A summer evening in a Catalan village. I have spent the day running up and down the dusty path in front of my grandparents’ farmhouse, and now it’s bedtime. “But first we need to wash your feet,” my mother says. She unlaces my red, rope-soled espadrilles and stands me in the funny little porcelain tub next to the toilet. The cold water feels delicious, and I wiggle my toes as the day’s accumulation of dirt swirls down the drain. The little tub, of course, is a bidet, like the one in our apartment in Barcelona, and the one in my other grandparents’ apartment, and the one in any house I’ve ever been in because, without bidets, how would people clean their feet?
Years later, when I was living in the U.S., American friends returning from Europe would tell about those ubiquitous footbaths, which were found in even the most modest hotels. If they had checked the dictionary they could have figured the thing out, since it lists as the first meaning of bidet, “a pony or small nag”—that is, something you straddle….
Even so, Americans used to wonder, why bother with this extra piece of bathroom furniture? Why not simply take a shower and scrub every square inch of your skin? I’m not sure when hot water heaters became the norm in Europe, but when I was a child there most people lived in unheated apartments (except for the occasional brazier or electric heater) where, if you wanted warm water for your bath, you had to heat it on the kitchen stove. Hence the usefulness of the bidet for localized hygiene.
But now, at long last, the bidet has come to America, and it has landed with a splash. The contemporary American bidet is to the bidets of my childhood as a Cadillac is to a pony or small nag. It does not take up bathroom space; instead, it is discreetly integrated into the toilet seat, where it performs some extraordinary functions.
Here is a random example: the Bidet King’s luxury Bliss Series (reduced from $699 to $489) features “sleek, fluid curves with a pearl-like finish.” Its many functions are controlled with a remote, although there is also a backup control panel that doubles as a blue LED night light. The water, needless to say, is heated, as is the toilet seat, as are the gentle puffs of air that dry what needs to be dried after every Bliss session. But the most impressive feature of this model is its selection of sprays—some extra powerful for people weighing over 250 lbs, some extra gentle for the gentle sex. The patented vortex water stream is capable of pulsating, and provides a choice between “wide cleaning” and “massage cleaning.” The bidet offers an “intelligent body sensor”; an “enema function” (I wonder what the American Society of Colon and Rectal Surgeons has to say about this); and something called a “bubble infusion,” but when I got to this part my mind boggled and I stopped reading.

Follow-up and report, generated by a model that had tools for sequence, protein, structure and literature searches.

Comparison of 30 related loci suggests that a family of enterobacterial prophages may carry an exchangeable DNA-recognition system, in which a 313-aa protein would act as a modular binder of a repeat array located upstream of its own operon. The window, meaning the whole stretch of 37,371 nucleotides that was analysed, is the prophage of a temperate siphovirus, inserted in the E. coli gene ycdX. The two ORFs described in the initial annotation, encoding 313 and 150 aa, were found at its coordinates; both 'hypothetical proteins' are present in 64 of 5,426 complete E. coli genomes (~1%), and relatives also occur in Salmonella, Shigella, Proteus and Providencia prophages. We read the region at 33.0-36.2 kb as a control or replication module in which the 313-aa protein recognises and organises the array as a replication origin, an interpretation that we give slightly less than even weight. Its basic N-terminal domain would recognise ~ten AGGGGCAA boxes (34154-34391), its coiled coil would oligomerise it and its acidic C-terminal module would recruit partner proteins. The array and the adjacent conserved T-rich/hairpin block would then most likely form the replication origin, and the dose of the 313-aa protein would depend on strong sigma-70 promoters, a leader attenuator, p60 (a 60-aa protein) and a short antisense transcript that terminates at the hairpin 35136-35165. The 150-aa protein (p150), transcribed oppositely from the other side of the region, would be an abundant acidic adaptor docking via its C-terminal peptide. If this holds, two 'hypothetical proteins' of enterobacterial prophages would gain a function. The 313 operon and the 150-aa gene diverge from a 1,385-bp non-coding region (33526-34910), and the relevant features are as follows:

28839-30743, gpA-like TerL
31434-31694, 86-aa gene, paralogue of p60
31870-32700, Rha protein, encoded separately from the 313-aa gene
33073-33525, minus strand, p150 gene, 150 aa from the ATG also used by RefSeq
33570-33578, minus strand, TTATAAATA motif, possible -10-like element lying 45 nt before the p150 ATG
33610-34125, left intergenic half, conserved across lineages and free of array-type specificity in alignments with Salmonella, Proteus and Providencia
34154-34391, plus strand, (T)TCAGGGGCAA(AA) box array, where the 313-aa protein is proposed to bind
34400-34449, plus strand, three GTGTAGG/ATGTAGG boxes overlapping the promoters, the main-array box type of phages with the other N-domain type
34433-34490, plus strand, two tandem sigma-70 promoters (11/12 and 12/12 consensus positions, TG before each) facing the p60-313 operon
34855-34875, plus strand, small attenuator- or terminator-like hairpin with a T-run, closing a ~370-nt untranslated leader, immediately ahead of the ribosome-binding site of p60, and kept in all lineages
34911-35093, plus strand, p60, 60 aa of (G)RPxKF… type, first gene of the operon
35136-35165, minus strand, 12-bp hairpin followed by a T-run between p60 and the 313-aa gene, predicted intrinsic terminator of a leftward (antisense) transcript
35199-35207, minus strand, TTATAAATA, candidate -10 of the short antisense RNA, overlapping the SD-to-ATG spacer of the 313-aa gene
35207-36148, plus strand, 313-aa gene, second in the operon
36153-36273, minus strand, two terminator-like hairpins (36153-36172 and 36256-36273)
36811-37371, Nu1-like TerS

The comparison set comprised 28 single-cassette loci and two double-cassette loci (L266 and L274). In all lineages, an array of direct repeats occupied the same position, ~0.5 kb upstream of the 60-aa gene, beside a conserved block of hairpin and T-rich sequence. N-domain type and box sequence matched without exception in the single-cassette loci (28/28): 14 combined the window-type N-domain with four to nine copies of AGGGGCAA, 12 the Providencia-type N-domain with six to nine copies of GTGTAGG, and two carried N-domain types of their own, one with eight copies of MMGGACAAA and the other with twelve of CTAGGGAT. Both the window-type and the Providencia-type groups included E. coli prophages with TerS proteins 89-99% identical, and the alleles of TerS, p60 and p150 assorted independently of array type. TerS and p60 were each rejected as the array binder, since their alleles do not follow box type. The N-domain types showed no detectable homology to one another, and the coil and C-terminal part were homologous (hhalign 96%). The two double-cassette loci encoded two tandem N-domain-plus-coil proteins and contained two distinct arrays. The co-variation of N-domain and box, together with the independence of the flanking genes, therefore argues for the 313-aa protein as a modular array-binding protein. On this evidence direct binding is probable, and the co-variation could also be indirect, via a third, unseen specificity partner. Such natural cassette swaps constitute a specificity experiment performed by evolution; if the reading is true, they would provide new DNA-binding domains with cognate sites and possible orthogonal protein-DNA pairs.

It’s easy to make fun of these smirk-inducing gizmos, but you should know that I too have acquired one—although mine has no heated anything, no remote to get mixed up with the ones for the TV, and only a humble mechanical flow adjuster. In fact, though, bidets are not only useful for people’s special needs and desires—and who, to quote Pope Francis, am I to judge?—but they are good for the environment. The boreal forests are being decimated by our insatiable need for toilet paper, and our obsession with long, hot, daily showers that use on average over 16 gallons of water threatens to exhaust our rivers and lakes and water tables. A bidet in every bathroom could be a force for good.
So I say, welcome to America, bidets of all stripes, whether bare-bones like mine or gold-plated and fit for the Trump Tower. From hygiene to entertainment, you serve many useful functions. But despite all your bells and whistles, doodads and refinements, you are no match for the old model when all one wants is to wash one’s feet.